I am in the UK yet again. Second time this year already. A blessing in that it helps me make some much needed money that I then use for our work in Uganda. But more time away from my beloved wife, our orchards, the children we care for (especially Michelle!) and our work in Kigazi and Kabale.

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And disorientating. Not just because I am now like an African villager – easily confused by an unecessary myriad of choices in every shop, foods I have never heard of (kale omelette wraps?) and baffled by the relatively unproductive busy-ness of people who appear to be going nowhere important and doing nothing very meaningful. At great speed.

But also disorientating because for the past five years I have seen and lived alongside the reality of life for the majority of people on the planet. A day to day struggle to feed, educate and care for their children. And this week I read these two stories in the Independent:

  • ‘Pupils in 30-plus classes treble under Coalition’, and
  • ‘Women aged 45-54 biggest spenders on make-up’

We have made a concerted effort to keep class sizes at the J10:10 Nursery and Primary School as small as possible. In a country where classes usually have at least 50 children, and often 70 pupils, most of ours have a maximum of 35 kids. We thinl that’s great. The Indie described them as ‘super-size classes’. How can Africa compete?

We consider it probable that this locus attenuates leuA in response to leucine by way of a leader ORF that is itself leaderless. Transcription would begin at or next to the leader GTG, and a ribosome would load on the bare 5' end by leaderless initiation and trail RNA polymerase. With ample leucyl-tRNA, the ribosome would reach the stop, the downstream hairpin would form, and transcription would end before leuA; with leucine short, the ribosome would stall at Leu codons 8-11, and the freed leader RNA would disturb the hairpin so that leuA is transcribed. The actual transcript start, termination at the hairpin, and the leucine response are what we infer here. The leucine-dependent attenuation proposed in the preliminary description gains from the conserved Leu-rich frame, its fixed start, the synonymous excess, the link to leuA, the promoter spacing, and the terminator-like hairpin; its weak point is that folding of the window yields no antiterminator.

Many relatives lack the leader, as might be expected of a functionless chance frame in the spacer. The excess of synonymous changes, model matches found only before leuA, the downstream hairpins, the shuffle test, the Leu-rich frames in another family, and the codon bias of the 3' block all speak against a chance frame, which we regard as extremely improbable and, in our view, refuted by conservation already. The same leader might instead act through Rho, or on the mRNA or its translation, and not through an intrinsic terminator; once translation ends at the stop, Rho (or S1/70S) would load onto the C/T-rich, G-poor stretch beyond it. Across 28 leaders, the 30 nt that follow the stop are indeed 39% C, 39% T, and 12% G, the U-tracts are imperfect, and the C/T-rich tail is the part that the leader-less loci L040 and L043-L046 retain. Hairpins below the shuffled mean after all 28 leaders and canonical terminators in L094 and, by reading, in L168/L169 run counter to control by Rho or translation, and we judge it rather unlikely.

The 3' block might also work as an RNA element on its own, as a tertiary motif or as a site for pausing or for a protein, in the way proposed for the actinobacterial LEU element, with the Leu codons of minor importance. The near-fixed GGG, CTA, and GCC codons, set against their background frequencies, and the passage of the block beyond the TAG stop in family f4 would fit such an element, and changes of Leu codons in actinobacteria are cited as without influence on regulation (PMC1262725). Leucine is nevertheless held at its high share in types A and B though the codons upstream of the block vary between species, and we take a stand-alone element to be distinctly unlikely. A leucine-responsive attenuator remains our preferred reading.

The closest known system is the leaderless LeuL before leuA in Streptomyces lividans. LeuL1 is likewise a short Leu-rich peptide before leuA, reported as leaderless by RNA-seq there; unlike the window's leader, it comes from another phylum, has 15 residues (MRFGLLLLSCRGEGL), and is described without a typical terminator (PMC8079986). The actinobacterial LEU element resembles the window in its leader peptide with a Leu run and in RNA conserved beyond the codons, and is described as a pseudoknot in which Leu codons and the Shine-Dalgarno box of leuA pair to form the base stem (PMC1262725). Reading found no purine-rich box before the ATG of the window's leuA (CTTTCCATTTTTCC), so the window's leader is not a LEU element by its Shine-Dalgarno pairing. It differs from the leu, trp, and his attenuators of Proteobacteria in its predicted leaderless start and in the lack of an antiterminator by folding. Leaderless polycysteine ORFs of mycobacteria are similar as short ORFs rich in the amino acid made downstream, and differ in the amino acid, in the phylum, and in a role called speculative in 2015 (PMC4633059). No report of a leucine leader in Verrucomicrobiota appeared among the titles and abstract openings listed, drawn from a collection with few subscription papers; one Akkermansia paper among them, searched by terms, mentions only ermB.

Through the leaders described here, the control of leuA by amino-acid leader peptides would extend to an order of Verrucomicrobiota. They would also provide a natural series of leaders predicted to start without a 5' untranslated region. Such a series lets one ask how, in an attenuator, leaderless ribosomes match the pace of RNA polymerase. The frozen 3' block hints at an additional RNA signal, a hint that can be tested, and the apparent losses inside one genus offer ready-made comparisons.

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Well it can’t compete on cosmetics spend. I read that the AVERAGE annual spend on cosmetics for UK teenagers is £1,759. And for women of a certain age? (see above!) – £2,238 per annum. Which is £186.50 a month. Or £46.62 a week. £6.66 a day. The number of the beast-ly unfairness of the world that we have built where about half the population lives on less each day than women over 45 in the UK spend on cosmetics daily. Madness. Vomit-inducing madness.

As a charity we are small, poor (at the moment which is why I am here), and totally incapable of making the difference that we do without God’s help. But we’re in love with a God of Justice and totally determined never to quit. Because if we do then the children that we educate, the men and women that we employ, and the communities that look to us for healthcare, help and hope will never break the chains of poverty that have gripped them for generations.

So please pray that:

  • God will continue to be FOR us
  • That my UK trip will yield both earnings to support our work and UK customers for our passion fruit – we NEED to start exporting
  • That God will watch over all that we do in Uganda
  • That justice will be done – and that our children, employees and the communities that we work in will be freed from systemic poverty
  • That God will help J10:10 to build a tiny portion of His Kingdom (heaven) on earth in Uganda

Thank you. Knowing that you pray means more than you will ever know……